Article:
Monday, September 22, 2008

The Politics of Crisis (w/update)

Let me start off by saying that if you haven't read this over at Daily Kos-- you should. Not only does it brilliantly set the stage for a much larger debate, but it draws from the muck some important political realities all voters should be aware of. As such here's my take:

Giving the treasury secretary $700 billion in unfettered non-reviewable money is brash and irresponsible. Not only is the Bush administration taking advantage of "its a time of crisis we need to do something now" ideology, but they are doing so with clear partisan political intent. I mean this whole ordeal stinks of politics. And I am not referring to the past politics of deregulation, but more to the effect of an administration who has proven incapable of handling anything, and now insists on splitting ways with party faithful to push a lousy bailout through congress– all in the name of economic survival. This thing is going to come back to bite Democrats one way or another, and you can be sure Bush and his cronies will be in the background laughing when it does.

But as luck(?) would have it, its the Democratically controlled Congress that will have the final say on any bailout plan. And to say their leadership and backbone have been MIA thus far is a drastic understatement. As Devilstower reminds us:
This is enemy action. This is a bullet deliberately fired into the economy by men willing to exercise their ideology regardless of the cost to taxpayers. Men who have every expectation that they can plunder the system again and again, while the public picks up the tab. John McCain may not have had his finger directly on the trigger, but he was there. He assisted. These were his personal friends and philosophical comrades. He may not be the high priest, but he has been a loyal acolyte in the cult of deregulation.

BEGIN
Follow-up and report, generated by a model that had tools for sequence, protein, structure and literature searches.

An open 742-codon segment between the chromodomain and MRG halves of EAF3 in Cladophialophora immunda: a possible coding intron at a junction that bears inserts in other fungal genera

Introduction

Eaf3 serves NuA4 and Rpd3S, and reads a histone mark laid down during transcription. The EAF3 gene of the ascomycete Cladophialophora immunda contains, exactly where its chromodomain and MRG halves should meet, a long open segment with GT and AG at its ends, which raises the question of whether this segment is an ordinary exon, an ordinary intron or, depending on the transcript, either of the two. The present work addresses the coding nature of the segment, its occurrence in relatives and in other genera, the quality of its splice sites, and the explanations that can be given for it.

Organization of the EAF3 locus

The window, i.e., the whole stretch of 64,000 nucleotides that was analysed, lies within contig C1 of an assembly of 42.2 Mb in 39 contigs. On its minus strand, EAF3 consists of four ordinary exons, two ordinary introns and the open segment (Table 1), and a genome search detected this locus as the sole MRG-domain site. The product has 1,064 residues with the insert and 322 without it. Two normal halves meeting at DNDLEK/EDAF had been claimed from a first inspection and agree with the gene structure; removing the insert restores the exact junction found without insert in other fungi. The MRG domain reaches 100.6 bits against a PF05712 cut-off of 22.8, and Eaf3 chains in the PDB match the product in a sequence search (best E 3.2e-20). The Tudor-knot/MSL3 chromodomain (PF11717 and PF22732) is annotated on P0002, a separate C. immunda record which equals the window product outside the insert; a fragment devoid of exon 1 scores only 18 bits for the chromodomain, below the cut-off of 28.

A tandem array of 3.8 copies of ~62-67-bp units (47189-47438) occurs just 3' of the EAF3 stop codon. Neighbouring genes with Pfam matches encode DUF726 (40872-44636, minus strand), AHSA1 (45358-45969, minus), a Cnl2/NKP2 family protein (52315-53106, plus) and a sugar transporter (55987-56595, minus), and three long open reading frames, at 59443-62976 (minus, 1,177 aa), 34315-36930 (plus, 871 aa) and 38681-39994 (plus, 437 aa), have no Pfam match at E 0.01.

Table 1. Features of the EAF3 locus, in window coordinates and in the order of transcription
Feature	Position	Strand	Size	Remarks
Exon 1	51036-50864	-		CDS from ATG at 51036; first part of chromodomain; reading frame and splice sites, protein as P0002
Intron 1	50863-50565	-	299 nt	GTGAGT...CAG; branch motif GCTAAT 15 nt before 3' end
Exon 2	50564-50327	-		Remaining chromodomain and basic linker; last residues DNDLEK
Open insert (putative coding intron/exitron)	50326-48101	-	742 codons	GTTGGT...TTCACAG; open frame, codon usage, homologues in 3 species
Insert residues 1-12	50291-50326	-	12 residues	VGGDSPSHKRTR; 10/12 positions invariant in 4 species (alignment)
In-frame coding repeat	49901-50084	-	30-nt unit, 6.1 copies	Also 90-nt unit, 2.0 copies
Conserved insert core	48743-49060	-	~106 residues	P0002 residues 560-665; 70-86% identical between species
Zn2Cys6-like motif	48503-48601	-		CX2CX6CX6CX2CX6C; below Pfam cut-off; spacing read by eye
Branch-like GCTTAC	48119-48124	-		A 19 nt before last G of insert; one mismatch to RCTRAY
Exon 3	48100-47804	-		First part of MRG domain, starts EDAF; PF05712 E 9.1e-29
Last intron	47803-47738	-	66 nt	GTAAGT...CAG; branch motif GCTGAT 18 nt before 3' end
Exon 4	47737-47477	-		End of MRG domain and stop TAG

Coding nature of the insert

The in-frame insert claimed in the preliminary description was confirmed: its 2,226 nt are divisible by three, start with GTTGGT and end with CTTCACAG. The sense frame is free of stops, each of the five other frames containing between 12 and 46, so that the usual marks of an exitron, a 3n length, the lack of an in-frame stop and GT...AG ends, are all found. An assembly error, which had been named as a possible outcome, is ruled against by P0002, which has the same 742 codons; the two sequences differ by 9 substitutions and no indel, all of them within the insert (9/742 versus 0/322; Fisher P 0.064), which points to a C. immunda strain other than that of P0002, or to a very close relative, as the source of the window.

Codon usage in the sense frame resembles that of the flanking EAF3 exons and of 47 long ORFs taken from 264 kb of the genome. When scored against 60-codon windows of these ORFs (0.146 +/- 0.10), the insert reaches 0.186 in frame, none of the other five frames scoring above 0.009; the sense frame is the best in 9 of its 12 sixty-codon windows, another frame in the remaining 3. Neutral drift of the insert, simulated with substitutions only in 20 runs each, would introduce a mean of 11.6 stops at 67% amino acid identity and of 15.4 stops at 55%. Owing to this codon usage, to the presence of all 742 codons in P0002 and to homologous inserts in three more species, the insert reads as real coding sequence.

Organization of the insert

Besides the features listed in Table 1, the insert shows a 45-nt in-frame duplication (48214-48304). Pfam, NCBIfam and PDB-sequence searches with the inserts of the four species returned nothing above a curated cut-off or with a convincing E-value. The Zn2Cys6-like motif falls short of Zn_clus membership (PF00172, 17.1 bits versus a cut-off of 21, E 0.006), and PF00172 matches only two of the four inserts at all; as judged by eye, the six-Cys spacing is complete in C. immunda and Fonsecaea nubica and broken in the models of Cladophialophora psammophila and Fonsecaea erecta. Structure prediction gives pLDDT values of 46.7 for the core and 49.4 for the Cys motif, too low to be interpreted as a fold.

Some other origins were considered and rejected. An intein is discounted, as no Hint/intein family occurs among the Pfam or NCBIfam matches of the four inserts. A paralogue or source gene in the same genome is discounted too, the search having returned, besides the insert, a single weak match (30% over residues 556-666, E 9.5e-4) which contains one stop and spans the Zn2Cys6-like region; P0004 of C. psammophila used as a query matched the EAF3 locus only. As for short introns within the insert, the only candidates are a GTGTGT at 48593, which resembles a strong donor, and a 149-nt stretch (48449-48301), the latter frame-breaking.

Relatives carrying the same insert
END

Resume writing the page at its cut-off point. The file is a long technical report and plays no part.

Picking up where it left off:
It may come as a surprise to the champions of deregulation, but nobody likes regulation. The restrictions that were placed on banks, S&Ls, and other institutions in the 1930s weren't put there because someone thought it would be fun. They were put in place because they addressed problems that had just been clearly and painfully revealed. They were put in place because they were necessary.

It's bad enough if John McCain didn't know that. It's far worse if he did.
Its time for Democrats to stand up and lead. No more bipartisan press releases. No more ambiguous analogies expressing a shared desire to fix the problem. Its time for someone to step and offer up a responsible alternative to the Bush proposal.

Am I wrong or is this not the perfect opportunity for Barack Obama to deliver his knockout blow?

Update 1:12 am: This is the kind of initiative I am talking about. I knew there was a reason I liked Dodd so much during the primaries-- his consistency to lead from the left should be noted by the Obama campaign.

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